April is always lovely in Virginia! Trees and flowers are blooming; birds are singing. This year, April dawned during Easter break so we had time to enjoy the weather since YMV and AHG were both on hiatus. We celebrate the birth of #1 Son in April, and although we didn’t get to see him on his birthday, Mr. Garner made a trip up to Fairfax to watch him play Ultimate for GMU. He is the best one on the team!
April also kicked off our third term of our Y9 homeschool studies. The beginning of a new term usually means that The Daughter has finished a few books and is starting a few others, while plugging along with Algebra (Life of Fred), Latin (Henle I), Biology (Apologia), and History (Churchill’s The Age of Revolution). Schweikert’s A Patriot’s History will be shelved until next year, and she will start George Washington: A Biography, by Washington Irving (the five-volume set happily abridged by Charles Neider). Now that she’s finished Rise to Revolution by Jeff Shaara, she will begin Patrick Henry: Lion of Freedom, by Harlow Giles Unger. Because a few of her school books are particularly long, they will just continue to the end of the school year. I schedule a chapter a week in Chuck Colson’s How Now Shall We Live for a worldview read, and Rory Peterson’s Wild America for a nature/geography read along with Richard Halliburton’s Royal Road to Romance. She finished her assigned chapters in Microbe Hunters by Paul de Kruif, so I’m leaving that spot open to give her extra time to work on Biology homework. She alternates a chapter a week between Van Loon’s The Arts and Lockwood’s biography of Beethoven. She finished Alexander Pope’s Essay on Man, and will start Common Sense by Thomas Paine, for Citizenship. She completed this year’s assigned chapters in Adler’s How to Read a Book, so that spot on the schedule gets filled with R.C. Sproul’s video series Economics for Everyone, which gives me a break because Mr. Garner is the Economics instructor! We are working our way through Henry Wadsworth Longfellow’s longer poems: Courtship of Miles Standish, Song of Hiawatha and Evangeline, next we will read Tales of a Wayside Inn. The curtain has fallen on Shakespeare’s The Tempest; and rises on the hilarious She Stoops to Conquer by Oliver Goldsmith. James Fenimore Cooper’s Last of the Mohicans is planned out over a term and a half, and she will start Count of Monte Cristo by Alexander Dumas, which looks daunting but will stretch out over the summer.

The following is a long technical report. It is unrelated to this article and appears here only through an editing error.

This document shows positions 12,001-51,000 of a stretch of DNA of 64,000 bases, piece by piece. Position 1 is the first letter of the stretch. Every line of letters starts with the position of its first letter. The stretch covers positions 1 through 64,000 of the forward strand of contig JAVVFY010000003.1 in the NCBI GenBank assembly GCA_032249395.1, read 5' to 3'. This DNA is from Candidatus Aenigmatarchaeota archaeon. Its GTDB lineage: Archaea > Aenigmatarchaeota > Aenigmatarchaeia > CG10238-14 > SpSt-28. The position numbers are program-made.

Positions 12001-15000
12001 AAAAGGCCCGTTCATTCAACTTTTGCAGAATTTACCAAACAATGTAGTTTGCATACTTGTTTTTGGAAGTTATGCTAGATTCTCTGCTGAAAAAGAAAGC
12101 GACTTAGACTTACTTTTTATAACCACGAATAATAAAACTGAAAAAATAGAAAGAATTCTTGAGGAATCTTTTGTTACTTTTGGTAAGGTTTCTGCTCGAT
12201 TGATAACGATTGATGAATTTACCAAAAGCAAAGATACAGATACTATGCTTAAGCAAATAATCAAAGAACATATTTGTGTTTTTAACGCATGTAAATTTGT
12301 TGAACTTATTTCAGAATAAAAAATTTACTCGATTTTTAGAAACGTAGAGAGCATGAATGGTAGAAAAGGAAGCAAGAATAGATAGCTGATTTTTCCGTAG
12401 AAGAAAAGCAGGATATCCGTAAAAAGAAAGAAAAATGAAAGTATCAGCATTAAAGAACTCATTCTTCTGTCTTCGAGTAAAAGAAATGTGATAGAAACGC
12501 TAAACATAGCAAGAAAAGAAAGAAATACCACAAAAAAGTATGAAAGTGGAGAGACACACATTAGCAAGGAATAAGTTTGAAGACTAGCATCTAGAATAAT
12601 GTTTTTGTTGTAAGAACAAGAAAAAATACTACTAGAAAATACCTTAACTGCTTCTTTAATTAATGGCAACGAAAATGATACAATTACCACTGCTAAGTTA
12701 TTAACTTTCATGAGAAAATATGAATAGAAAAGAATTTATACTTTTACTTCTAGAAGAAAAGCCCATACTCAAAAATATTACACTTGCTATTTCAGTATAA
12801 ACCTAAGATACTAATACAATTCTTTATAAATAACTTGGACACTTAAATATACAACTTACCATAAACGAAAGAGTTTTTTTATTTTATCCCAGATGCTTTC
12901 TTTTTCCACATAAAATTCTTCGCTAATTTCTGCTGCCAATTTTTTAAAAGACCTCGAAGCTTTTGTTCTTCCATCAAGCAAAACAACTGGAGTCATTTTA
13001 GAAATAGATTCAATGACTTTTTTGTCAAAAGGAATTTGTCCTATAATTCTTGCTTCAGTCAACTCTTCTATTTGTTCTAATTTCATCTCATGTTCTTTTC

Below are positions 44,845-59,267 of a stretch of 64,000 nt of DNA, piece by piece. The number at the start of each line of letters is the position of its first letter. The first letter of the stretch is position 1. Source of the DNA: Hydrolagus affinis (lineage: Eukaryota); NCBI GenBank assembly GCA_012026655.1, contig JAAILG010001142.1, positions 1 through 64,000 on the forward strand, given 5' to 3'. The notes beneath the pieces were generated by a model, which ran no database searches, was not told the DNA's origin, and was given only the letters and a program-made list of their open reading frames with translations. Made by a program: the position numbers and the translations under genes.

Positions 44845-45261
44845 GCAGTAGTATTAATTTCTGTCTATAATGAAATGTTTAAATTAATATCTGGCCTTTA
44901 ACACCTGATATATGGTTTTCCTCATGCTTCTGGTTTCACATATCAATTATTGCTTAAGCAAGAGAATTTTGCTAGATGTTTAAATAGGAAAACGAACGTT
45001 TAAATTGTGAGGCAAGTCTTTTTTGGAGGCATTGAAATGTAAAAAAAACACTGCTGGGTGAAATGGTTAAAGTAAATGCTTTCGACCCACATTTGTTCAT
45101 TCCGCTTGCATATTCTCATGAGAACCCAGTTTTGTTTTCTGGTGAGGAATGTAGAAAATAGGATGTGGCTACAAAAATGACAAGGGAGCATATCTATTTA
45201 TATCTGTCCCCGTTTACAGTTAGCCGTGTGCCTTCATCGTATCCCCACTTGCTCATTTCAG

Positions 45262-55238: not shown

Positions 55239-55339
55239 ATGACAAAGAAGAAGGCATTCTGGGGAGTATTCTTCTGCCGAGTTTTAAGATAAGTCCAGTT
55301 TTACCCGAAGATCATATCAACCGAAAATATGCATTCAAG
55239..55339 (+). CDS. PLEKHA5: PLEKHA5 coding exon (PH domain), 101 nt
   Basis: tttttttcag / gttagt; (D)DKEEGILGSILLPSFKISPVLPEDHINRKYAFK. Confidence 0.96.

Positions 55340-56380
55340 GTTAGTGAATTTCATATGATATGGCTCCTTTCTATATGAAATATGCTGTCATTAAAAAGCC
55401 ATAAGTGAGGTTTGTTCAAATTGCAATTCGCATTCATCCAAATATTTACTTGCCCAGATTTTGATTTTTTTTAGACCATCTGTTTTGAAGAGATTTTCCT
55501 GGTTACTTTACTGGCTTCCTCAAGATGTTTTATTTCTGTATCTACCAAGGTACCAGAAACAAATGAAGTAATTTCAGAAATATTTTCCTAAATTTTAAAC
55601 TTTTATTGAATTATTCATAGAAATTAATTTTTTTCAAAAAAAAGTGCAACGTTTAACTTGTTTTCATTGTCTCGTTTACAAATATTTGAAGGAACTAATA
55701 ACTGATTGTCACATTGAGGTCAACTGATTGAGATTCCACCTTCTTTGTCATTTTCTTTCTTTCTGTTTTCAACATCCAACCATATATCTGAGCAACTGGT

Whew! And that doesn’t include historical documents and speeches, the daily poems, nature journal, the written narrations…
American Heritage Girl (AHG) activities dominated our after-school and weekend calendar this month. Somehow we fit in a day-long seminar on the United States Constitution on one Saturday, a CPR and First Aid workshop on another, and a AHG campout on yet another! The Daughter worked very hard to plan and complete her few remaining badge requirements before the deadline mid-month and earned six badges! She will receive them in May at the Court of Awards.
In other news, Papa Gene had knee surgery on the “other” knee. This time we all had a better idea of what to expect, and the surgery went extremely well. He amazed everyone at the hospital and at Lake Taylor Transitional Care with his speedy recovery!
Mr. Garner tilled Grandma Midge’s garden to prepare for onions, and lettuce and beans. I caught a glimpse of a snake slithering through a nearby shrub and managed to get a picture. We like snakes as long as they are the useful sort, non-venomous and keep their distance.
We hosted our home group this month and The Daughter made a mouth-watering apple crisp for dessert, which while labor intensive (peeling and chopping), deliciously satisfied one of her Cooking Badge requirements.
Meanwhile, I finally found time to figure out the podcast function on my iphone 🙂 and discovered quite a few worthwhile programs. After a few days of sampling rather a lot of podcasts, I culled the poorly prepared, the rambling and the overly-long-personal-conversations-that-ignore-the-audience and came up with a list of shows I liked well enough to click “subscribe.” For homeschool purposes, I find A Delectable Education well-researched and helpful. I also like The Busy Mom, Focus on the Family and The Arts of Language Podcast. For current events I rarely miss The World and Everything In It and Breakpoint Daily. Because of his awesome bumper music and interesting guests (when he allows them to speak) I listen in once or twice a week to The Eric Metaxas Show.
On my reading list this month: Fool’s Talk by Os Guiness, and Tale of Two Cities by Charles Dickens.
“A good snapshot keeps a moment from running away.” Eudora Welty